Tame Angry Skin

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Technically a general term for any type of dermatitis or inflammation of the skin, eczema affects about 3 percent of Americans, usually starting in childhood and tapering off by one's 30s. The most common form, atopic dermatitis, can be identified by red, scaly, itchy patches that may blister and can become infected. Patches occur on the face, hands, and feet as well as the elbows and backs of the knees.

The cause: Eczema is believed to be caused by an abnormal immune response to some irritating substance. Genetics may also play a role, and allergies, asthma, hay fever, or an upper respiratory infection can trigger the condition. For some sufferers, contact with irritating surfaces or environmental irritants can cause a flare-up; others find that certain soaps, fruits, and even pet dander can bring on a bout of itching. Stress is another common culprit.

The relief: "One of the biggest triggers for eczema is dry skin," says Day. "So one of the best ways to get relief is to hydrate and lock the moisture in."
1. Keep your showers short (10 to 15 minutes) and the water lukewarm, says Day. Hot water strips skin of natural oils and encourages dry patches.
2. Prevent the itch by applying an over-the-counter hydrocortisone cream with 0.5 percent to 10 percent concentration. Or try over-the-counter antihistamines like Claritin (loratadine) or Benadryl (diphenhydramine).
3. Moisturize. "As soon as you step out, pat dry and moisturize with something emollient, like a product containing shea butter. A cream or an ointment, rather than a lotion, also tends to be extra moisturizing," advises Day.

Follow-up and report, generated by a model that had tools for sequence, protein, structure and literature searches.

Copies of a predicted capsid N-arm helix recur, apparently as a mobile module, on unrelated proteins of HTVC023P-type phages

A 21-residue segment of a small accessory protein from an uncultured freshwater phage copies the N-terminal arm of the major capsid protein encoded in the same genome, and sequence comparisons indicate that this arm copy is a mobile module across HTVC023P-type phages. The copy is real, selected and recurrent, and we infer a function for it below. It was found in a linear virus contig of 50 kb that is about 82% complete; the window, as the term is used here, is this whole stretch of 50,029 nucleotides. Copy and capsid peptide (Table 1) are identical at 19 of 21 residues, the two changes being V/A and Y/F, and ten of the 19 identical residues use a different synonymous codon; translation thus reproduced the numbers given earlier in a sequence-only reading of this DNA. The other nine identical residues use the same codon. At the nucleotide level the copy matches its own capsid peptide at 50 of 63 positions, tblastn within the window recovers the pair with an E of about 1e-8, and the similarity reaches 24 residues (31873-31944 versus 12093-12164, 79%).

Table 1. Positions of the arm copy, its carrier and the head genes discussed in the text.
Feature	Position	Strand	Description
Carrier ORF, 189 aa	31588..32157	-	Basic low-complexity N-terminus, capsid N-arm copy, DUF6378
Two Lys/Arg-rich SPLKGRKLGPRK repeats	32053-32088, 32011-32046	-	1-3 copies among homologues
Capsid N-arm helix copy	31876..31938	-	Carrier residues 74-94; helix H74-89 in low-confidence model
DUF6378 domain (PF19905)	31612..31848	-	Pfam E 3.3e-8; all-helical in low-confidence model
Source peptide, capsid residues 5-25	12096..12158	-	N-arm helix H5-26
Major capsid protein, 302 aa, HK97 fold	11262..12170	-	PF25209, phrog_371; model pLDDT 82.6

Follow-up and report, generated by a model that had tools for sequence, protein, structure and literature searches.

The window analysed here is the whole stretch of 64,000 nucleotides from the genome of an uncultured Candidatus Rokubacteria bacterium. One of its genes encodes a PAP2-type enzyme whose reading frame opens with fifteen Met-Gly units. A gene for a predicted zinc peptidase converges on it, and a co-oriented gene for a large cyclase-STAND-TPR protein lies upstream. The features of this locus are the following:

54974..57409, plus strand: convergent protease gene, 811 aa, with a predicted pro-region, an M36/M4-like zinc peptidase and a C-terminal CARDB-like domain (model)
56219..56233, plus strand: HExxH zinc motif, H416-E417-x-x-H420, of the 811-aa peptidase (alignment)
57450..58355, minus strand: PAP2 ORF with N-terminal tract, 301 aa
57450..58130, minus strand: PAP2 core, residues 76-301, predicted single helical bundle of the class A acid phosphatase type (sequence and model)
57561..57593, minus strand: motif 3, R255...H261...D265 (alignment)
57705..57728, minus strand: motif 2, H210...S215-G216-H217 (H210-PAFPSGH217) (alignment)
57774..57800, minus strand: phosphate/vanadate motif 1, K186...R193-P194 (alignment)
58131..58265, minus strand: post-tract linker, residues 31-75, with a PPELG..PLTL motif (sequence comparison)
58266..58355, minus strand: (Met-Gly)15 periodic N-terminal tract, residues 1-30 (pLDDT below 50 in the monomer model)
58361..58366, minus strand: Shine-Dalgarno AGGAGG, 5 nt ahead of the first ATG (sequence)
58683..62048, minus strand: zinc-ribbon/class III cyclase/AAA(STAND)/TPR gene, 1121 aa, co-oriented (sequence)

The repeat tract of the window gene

4. Rule out dairy allergies, suggests Jaeggli. (A dietitian-monitored three-week elimination diet can help.) Be sure to take a calcium supplement with vitamin D to replace these missing nutrients.
5. Consider taking supplements. Jaeggli recommends two grams of fish oil a day, which some studies indicate may help minimize dry skin. Quercetin—a natural antihistamine widely marketed as a treatment for allergic conditions like asthma, hay fever, hives, and eczema—may also provide relief. "Start with about 200 milligrams three times a day, before meals," suggests Jaeggli.
6. Check your zinc intake. Eczema is one symptom of zinc deficiency, so make sure you're getting the RDA of 15 mg a day, including what's in your multivitamin.
7. Visit an herbologist. For eczema, the Traditional Chinese Medicine (TCM) formula Xiao Feng San is usually prescribed, says Weiyi Ding, L.Ac., associate professor of acupuncture and Oriental medicine at Bastyr University. Six to 10 grams a day, taken in two or three doses, is the usual prescription, says Ding, who also advises seeking out a practitioner certified by the National Certification Commission for Acupuncture and Oriental Medicine (NCCAOM).